Food & Farm News
2012 | 2011 | 2010 | 2009
2008 | 2007 | 2006 | 2005
» November 19, 2008 «
Consumers looking for unique, California-grown produce will find several choices in good supply. Klamath Pearl potatoes grown in the region near the California-Oregon border are available for Thanksgiving and Christmas holidays. Bright yellow Buddha's Hand citrus is available from San Diego County. The feijoa, an egg-shaped fruit also known as pineapple guava, is another California-grown tropical fruit now available. In addition, supplies of Meyer lemons are increasing as more orchards come into production.
Scientists have developed a system that turns irrigation water off and on based on leaf temperature. Their discovery could aid farmers across the nation by providing water only when plants require it. The researchers are now seeking a manufacturing company to build the sensors and control system into their equipment. The device uses wireless infrared thermometers to determine leaf temperatures, as well as plant needs.
California becomes home to millions of honeybees every winter as beekeepers from states where the weather is cold move their hives to warmer weather. They also are here in preparation for almond pollination in February. There have been a few reports of colony collapse disorder, mostly from Eastern beekeepers. Those in the bee sector are cautiously optimistic that the numbers of hives lost to the disorder will be much less than last year.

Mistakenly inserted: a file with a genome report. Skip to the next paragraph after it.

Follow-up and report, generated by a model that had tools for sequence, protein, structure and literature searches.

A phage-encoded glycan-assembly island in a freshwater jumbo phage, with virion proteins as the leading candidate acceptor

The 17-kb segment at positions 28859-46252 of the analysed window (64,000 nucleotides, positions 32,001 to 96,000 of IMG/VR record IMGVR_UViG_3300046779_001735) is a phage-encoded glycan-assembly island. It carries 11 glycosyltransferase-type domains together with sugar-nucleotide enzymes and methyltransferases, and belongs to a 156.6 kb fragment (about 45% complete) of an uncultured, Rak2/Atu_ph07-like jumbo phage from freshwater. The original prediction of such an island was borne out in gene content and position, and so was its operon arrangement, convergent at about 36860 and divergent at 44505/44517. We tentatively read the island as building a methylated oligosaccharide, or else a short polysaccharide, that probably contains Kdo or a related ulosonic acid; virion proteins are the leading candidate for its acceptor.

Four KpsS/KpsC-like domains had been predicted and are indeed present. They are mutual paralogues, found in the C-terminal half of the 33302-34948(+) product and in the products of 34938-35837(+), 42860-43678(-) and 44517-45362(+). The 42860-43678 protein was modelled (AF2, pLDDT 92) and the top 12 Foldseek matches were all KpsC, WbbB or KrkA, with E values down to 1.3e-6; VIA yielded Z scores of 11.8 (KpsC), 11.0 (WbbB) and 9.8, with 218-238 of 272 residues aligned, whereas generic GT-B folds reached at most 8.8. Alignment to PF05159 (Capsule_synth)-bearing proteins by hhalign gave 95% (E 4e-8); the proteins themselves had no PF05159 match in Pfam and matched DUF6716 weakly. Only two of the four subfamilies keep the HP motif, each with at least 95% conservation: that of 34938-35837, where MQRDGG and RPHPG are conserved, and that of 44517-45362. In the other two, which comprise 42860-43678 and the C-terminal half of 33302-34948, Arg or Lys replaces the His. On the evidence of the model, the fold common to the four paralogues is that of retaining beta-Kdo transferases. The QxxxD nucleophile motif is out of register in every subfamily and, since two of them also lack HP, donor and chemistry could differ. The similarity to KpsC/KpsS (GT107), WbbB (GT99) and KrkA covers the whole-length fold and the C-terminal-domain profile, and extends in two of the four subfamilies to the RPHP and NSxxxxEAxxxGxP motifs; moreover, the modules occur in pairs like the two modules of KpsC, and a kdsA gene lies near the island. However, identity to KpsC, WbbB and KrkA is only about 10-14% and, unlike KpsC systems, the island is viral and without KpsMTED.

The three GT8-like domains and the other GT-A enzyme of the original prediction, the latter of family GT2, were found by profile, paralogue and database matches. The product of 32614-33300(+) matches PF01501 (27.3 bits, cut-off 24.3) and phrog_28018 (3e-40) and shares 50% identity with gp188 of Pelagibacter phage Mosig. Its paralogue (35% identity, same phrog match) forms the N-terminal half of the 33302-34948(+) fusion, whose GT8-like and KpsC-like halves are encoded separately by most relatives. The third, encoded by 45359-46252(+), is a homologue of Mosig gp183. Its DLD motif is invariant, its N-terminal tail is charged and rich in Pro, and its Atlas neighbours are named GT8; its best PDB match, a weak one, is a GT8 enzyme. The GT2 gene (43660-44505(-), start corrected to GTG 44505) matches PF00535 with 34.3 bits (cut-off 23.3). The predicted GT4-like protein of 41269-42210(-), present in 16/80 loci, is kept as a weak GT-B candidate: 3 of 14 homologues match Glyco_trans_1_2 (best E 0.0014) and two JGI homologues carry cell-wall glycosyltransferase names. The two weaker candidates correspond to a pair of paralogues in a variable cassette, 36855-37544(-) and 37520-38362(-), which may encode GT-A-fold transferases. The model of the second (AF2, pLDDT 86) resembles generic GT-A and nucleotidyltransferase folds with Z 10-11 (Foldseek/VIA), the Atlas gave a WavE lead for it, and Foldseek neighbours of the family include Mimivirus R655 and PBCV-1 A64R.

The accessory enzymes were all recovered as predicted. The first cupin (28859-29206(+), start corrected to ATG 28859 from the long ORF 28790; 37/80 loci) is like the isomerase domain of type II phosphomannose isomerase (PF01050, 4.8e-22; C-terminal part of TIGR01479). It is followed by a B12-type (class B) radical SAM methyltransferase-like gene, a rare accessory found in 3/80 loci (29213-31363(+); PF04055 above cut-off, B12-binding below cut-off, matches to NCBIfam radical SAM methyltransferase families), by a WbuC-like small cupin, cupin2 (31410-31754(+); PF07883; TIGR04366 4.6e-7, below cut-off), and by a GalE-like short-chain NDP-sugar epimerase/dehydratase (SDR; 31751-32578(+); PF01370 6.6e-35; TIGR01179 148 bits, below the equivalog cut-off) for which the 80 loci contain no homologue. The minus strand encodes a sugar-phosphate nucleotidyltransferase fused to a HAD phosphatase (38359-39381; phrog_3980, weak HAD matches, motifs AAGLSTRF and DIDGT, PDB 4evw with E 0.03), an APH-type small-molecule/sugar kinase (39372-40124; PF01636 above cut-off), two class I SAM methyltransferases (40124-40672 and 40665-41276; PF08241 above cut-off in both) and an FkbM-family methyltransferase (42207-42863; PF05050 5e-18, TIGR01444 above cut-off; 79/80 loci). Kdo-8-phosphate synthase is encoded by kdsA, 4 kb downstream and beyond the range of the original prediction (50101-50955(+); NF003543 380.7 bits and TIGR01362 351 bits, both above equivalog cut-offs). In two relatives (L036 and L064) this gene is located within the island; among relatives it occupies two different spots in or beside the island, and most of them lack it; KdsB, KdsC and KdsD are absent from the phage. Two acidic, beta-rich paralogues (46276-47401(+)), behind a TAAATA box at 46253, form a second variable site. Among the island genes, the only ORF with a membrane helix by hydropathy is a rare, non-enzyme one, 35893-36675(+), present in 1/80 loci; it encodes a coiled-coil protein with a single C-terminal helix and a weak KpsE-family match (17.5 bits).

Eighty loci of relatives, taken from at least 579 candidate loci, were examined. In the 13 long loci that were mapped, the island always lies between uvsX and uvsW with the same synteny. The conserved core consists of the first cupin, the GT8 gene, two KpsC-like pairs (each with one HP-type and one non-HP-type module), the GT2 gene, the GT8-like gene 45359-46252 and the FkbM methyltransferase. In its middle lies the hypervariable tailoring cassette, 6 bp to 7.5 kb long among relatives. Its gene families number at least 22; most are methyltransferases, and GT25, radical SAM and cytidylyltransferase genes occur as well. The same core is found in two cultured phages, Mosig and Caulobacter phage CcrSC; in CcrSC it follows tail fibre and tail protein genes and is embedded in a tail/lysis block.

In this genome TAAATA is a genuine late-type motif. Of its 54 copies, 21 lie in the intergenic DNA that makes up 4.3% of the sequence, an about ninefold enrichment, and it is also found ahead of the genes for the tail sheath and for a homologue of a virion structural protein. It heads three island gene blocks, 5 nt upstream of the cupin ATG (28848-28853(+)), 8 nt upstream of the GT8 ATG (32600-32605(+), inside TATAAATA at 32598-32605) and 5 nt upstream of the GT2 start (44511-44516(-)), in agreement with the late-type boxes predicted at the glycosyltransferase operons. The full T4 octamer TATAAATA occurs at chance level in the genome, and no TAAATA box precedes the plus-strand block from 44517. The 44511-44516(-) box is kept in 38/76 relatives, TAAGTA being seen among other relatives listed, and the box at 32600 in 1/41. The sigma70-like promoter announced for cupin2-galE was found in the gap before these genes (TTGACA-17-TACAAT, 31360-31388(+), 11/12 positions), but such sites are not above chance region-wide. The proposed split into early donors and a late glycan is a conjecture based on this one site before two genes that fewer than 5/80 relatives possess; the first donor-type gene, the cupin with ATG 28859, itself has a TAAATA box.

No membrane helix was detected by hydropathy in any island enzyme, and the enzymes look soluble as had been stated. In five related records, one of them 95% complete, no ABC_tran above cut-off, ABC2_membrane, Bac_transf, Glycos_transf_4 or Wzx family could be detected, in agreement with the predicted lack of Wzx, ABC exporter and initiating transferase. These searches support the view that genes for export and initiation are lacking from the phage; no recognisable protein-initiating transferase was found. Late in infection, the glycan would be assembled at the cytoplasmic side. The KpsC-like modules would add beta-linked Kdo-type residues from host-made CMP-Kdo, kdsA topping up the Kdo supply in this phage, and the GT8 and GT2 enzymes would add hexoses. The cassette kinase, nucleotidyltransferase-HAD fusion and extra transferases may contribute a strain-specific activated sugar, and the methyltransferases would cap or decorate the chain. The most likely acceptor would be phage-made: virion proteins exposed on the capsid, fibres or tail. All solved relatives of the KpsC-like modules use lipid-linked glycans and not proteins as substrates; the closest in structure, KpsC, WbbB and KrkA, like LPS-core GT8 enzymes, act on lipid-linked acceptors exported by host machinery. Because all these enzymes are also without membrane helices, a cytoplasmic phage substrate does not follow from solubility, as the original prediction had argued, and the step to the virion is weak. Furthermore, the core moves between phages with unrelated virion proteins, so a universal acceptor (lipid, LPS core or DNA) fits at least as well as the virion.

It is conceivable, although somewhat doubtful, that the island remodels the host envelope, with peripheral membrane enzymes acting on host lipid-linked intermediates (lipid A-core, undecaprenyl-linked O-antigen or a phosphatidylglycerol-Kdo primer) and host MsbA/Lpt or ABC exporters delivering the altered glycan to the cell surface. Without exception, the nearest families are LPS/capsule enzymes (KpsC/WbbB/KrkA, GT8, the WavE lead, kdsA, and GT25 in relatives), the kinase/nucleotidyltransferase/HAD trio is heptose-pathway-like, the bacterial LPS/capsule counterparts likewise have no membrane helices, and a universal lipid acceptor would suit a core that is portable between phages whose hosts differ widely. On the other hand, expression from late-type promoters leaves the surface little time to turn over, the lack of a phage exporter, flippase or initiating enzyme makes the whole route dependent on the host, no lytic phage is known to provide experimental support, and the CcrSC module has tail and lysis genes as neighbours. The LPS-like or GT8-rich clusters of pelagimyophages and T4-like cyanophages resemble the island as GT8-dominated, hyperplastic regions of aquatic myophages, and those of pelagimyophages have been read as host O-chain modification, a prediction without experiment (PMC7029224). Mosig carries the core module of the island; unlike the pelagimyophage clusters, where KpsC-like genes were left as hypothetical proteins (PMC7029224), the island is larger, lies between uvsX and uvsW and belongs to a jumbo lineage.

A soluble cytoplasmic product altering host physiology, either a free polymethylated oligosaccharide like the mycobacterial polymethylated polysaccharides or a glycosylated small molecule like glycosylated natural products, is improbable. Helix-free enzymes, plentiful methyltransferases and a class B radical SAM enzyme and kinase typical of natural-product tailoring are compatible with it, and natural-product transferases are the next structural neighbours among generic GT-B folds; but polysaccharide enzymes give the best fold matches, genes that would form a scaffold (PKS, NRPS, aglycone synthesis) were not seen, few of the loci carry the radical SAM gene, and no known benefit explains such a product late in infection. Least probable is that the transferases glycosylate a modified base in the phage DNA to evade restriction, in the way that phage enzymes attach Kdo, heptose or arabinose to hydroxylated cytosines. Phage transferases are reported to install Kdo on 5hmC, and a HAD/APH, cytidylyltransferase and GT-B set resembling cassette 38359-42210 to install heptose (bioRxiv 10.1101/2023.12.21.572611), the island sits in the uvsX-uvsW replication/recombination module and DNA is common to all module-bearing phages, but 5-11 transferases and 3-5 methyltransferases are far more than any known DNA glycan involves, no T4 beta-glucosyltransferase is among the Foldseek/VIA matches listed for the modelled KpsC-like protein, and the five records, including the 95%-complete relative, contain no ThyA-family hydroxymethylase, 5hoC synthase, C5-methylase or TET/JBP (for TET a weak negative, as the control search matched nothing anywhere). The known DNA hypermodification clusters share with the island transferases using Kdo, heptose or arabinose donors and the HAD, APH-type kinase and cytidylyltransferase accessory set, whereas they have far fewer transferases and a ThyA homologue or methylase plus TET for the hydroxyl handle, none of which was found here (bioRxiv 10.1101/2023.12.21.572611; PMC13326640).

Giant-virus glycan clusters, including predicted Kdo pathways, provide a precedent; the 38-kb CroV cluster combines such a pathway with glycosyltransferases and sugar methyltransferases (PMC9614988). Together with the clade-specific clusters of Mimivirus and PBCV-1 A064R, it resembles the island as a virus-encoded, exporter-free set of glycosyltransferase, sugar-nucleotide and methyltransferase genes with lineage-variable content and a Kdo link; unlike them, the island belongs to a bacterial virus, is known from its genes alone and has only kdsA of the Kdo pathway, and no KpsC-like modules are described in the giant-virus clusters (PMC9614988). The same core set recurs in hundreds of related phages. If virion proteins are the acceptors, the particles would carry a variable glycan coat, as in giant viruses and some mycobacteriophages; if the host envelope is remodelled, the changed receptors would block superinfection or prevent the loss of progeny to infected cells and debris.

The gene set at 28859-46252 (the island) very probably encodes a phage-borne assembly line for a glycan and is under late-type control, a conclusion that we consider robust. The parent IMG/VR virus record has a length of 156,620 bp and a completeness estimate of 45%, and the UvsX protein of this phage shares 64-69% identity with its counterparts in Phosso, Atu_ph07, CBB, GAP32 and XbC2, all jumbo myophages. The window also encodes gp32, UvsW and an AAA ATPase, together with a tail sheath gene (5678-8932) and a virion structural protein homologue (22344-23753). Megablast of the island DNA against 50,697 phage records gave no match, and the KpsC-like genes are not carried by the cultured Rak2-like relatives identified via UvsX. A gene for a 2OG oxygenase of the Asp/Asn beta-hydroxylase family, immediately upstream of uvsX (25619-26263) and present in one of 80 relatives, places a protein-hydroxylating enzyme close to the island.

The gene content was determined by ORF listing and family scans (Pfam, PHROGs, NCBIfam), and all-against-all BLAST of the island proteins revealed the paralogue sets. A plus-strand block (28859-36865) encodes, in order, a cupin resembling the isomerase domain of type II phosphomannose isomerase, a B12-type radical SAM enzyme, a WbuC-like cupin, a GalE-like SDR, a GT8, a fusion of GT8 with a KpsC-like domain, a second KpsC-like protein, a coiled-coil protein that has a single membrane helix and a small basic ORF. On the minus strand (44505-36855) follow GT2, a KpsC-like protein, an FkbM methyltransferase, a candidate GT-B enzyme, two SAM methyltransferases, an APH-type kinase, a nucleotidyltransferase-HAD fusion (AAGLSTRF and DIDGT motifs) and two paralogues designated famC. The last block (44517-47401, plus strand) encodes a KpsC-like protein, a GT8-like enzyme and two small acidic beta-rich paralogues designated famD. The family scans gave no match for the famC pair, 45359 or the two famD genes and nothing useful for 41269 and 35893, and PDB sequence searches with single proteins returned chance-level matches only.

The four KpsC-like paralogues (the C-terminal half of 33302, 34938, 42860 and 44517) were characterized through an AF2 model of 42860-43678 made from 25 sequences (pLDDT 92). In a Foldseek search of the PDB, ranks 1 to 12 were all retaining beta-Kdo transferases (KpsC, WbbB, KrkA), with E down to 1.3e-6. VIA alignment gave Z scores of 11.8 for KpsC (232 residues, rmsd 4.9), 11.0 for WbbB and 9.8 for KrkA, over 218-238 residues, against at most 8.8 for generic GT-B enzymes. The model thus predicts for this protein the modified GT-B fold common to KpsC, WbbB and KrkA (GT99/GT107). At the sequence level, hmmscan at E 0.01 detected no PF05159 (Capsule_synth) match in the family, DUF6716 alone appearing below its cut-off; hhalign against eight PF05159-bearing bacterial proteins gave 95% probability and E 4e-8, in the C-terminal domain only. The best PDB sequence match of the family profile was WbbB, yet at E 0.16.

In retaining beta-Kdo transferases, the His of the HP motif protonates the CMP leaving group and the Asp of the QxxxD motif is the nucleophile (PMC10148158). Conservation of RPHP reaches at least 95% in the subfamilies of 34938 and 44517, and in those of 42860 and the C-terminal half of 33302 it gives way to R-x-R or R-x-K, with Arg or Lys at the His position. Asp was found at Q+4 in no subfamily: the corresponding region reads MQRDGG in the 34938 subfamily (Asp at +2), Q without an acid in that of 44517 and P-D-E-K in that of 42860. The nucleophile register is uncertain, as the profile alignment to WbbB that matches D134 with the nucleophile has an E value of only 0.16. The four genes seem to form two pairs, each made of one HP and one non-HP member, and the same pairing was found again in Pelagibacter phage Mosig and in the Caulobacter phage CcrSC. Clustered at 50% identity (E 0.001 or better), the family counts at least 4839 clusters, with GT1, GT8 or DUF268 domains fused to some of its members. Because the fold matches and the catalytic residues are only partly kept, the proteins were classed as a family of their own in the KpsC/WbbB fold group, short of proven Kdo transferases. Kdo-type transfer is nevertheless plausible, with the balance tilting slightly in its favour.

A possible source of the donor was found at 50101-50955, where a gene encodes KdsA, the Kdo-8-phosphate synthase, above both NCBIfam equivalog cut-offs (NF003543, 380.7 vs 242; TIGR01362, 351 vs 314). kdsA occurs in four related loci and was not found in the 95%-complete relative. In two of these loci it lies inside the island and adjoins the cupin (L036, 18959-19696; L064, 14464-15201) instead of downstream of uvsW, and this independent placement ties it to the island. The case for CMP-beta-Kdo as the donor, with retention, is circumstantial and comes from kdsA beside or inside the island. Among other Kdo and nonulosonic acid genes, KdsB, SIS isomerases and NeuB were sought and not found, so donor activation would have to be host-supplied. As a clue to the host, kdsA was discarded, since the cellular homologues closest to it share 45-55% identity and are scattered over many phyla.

Wild turkeys are becoming a problem for farmers and urban residents in California. They were introduced into the state by the Department of Fish and Game in 1908 as a new species for hunting. Since then the birds have multiplied and now damage gardens and foul yards and walkways in cities. They also damage crops. University of California researchers are working to develop aversion strategies for use in vineyards.Top